Forum Member Killshot added:
“I only new Jerry for a few years, as I began shooting F-Class in 2010 — but he always answered my questions, helped me with my first Wildcat chambering and I never, ever, saw or heard of him ‘Big Timing’ anyone. I’ll miss his gap-toothed grin, like he knew something you didn’t. (and probably did!)

We’re better off for knowing him and worse off for not having him around any longer. So, appreciate your friendships and shoot small… Jerry would.”

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May 26th, 2014

Memorial Day — Honor the Fallen

Today is Memorial Day, the date we honor those service men and women who have given their lives in defense of their country and freedom. Take time today to honor our fallen heroes. Our world would be a far different place without their sacrifices.


“Last Rites” (U.S. Navy photo, National Archives).

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Arlington National Cemetery

The top photo shows U.S. Navy Chaplain, LCDR Joseph O’Callahan administering last rites to an injured crewman aboard the USS Franklin (CV-13) after the ship was struck by by two armor-piercing bombs from a Japanese dive bomber on March 19, 1945. Chaplain O’Callahan received the Medal of Honor for his heroic actions onboard.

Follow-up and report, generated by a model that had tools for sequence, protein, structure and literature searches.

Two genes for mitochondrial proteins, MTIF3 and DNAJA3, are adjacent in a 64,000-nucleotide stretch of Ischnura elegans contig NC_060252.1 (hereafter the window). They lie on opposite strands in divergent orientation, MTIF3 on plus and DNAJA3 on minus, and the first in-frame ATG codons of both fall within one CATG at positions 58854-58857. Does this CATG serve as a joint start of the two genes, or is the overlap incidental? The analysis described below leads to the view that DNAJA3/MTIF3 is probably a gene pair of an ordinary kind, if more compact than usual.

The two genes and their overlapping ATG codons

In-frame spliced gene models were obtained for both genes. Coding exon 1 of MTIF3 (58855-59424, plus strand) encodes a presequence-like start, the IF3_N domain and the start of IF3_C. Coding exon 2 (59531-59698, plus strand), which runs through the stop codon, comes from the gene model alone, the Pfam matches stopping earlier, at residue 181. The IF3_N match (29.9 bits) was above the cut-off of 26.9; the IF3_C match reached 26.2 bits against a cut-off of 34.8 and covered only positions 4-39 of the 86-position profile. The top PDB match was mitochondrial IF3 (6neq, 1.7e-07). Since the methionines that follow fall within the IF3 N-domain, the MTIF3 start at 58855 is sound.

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December 7th, 2010

Remember Pearl Harbor Today, December 7th

“[On] December 7, 1941 — a date which will live in infamy — the United States of America was suddenly and deliberately attacked by naval and air forces of the Empire of Japan.” — F.D.R.

Today, sixty-nine years later, it remains important to remember what took place at Pearl Harbor, and to honor those soldiers, sailors, marines (and civilians) who lost their lives in the surprise attack. The tragic memory of Pearl Harbor reminds us that our nation should never be lulled into complacency. The Berlin Wall may be down, but the world remains a dangerous place. The nation must remain alert to all dangers, and be prepared to respond to all threats, both known and unknown. As Wendell Phillips said famously: “Eternal vigilance is the price of liberty.”

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May 31st, 2010

Memorial Day — Honor Those Who Gave All…

On Memorial Day, we honor those service men and women who have given their lives in defense of their country and freedom. Take time today to honor our fallen heroes. Our world would be a far different place without their sacrifices.


“Last Rites” (U.S. Navy photo, National Archives).
YouTube Preview Image

The top photo shows U.S. Navy Chaplain, LCDR Joseph O’Callahan administering last rites to an injured crewman aboard the USS Franklin (CV-13) after the ship was struck by by two armor-piercing bombs from a Japanese dive bomber on March 19, 1945. Chaplain O’Callahan received the Medal of Honor for his heroic actions onboard.